On Nov. 4 many of us will head out to the polls. If television pundits and the stances they take can be believed, more of us will head to the polls this year than any other time in recent history.
    For some, the trip to the polls will be spurred on by the historic nature of this year’s election. For the first time in our history, we may elect a bi-racial President or a female Vice-President. My, how the times have changed! It is the excitement about these historic firsts that may drive many to the polls.
    {mosimage}Others may head to the polls because of the state of the nation’s economy. They believe that the leaders we elect on Nov. 4 may be able to make a difference in their lifestyles. Or, even if they don’t believe they’ll be able to make a difference, they have hope they will.
    For many other people, the trip to the polls is not something new and is not out of the ordinary. I count myself in that number. I have voted religiously since I was old enough to exercise that civic responsibility. It’s one I take very seriously. I refuse to go to the polls uneducated, so I take the time to find out about the people who are running and the stances they take. For me, that’s part and parcel of that civic responsibility. To go to the polls uninformed is quite frankly, a crime.
    For the past 12 years Up & Coming Weekly has worked hard to ensure that our readers do not commit that crime. This year is no different. Inside you will find our Voter’s Guide. Here’s the nuts and bolts of it. We sent out a set of questions to the candidates on our local ballot. The answers you find inside these pages come from those candidates who took the time to make sure that voters knew where they stood.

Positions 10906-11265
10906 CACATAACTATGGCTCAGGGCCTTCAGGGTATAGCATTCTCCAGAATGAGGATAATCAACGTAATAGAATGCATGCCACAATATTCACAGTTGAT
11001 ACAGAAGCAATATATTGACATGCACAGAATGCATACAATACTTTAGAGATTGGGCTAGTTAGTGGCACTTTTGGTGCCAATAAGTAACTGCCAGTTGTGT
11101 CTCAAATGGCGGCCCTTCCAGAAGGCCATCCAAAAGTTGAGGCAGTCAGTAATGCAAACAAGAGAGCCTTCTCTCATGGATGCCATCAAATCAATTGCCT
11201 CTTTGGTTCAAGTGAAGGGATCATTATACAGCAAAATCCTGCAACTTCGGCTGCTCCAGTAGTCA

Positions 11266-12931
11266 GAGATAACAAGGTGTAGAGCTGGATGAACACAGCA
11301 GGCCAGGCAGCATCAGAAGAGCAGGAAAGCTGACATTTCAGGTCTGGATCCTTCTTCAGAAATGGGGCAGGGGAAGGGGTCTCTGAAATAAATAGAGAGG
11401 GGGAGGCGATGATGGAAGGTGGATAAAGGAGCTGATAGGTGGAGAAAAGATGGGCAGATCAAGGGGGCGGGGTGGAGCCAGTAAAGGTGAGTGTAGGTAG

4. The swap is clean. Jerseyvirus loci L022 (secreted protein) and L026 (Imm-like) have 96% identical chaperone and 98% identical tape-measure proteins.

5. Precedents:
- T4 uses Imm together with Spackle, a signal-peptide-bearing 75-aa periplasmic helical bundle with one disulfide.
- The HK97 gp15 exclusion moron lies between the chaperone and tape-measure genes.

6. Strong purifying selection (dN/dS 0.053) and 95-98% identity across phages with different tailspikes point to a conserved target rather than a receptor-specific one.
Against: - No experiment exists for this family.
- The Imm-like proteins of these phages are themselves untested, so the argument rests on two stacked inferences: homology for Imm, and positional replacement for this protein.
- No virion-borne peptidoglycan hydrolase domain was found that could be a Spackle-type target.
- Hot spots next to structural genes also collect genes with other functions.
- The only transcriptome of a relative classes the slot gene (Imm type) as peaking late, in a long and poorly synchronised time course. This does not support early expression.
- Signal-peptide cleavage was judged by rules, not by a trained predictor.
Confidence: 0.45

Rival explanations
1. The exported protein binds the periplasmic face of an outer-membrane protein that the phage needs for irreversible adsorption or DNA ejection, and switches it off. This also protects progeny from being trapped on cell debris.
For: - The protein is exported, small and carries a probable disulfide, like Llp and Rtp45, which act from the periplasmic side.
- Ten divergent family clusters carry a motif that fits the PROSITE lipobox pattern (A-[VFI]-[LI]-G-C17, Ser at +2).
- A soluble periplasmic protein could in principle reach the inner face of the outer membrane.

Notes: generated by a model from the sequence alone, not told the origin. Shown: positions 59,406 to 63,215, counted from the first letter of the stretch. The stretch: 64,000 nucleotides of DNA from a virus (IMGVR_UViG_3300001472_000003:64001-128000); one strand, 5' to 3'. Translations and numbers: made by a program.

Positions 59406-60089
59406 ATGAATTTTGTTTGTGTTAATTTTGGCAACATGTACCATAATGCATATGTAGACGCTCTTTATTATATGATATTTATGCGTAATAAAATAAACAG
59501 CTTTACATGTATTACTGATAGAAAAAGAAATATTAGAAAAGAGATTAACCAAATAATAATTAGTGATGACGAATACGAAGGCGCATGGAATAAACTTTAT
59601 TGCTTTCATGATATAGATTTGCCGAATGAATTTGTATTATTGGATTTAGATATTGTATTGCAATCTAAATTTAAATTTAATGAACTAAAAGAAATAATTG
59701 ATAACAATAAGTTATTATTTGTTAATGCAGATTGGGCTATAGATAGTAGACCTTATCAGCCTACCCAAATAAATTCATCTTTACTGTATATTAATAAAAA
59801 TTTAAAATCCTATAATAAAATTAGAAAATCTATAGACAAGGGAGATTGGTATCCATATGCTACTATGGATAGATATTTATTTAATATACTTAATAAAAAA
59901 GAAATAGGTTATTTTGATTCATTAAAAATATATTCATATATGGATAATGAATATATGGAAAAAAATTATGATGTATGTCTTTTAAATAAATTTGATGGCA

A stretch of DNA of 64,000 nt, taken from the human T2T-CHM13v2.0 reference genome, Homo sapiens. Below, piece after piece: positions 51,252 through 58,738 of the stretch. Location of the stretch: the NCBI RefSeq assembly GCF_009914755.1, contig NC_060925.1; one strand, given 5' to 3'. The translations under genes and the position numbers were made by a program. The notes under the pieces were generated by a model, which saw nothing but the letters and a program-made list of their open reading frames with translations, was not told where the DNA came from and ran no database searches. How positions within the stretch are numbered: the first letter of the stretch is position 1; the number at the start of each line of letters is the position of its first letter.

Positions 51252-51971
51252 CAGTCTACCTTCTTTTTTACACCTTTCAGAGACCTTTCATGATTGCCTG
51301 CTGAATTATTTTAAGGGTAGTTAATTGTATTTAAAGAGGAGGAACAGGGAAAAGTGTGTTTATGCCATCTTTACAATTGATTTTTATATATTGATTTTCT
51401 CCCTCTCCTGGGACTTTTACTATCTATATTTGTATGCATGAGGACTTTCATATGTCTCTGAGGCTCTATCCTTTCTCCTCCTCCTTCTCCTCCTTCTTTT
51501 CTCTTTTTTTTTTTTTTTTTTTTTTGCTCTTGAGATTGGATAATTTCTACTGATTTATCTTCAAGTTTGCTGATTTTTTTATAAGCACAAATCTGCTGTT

You’ll find many sections where candidates failed to respond. It’s not because they didn’t have the chance. Our questionnaires were sent out by certified mail. Believe it or not, we had candidates call who didn’t want to make a trip to the post office to pick it up — they wanted to know if it was important enough to go. A number of candidates didn’t find it that important.
    Here’s my take on that, if giving me information that will help me make an informed decision is not important to a candidate, then they probably aren’t important enough for me to vote for. You decide what you think about that matter.
    We have printed their answers verbatim. Nothing has been changed. We did not want to worry about changing the context or meaning of what they wrote — so we didn’t change anything at all.
    We hope you will take the time to read through this guide, and then use it to make informed, intelligent decisions on election day. It’s  your future.
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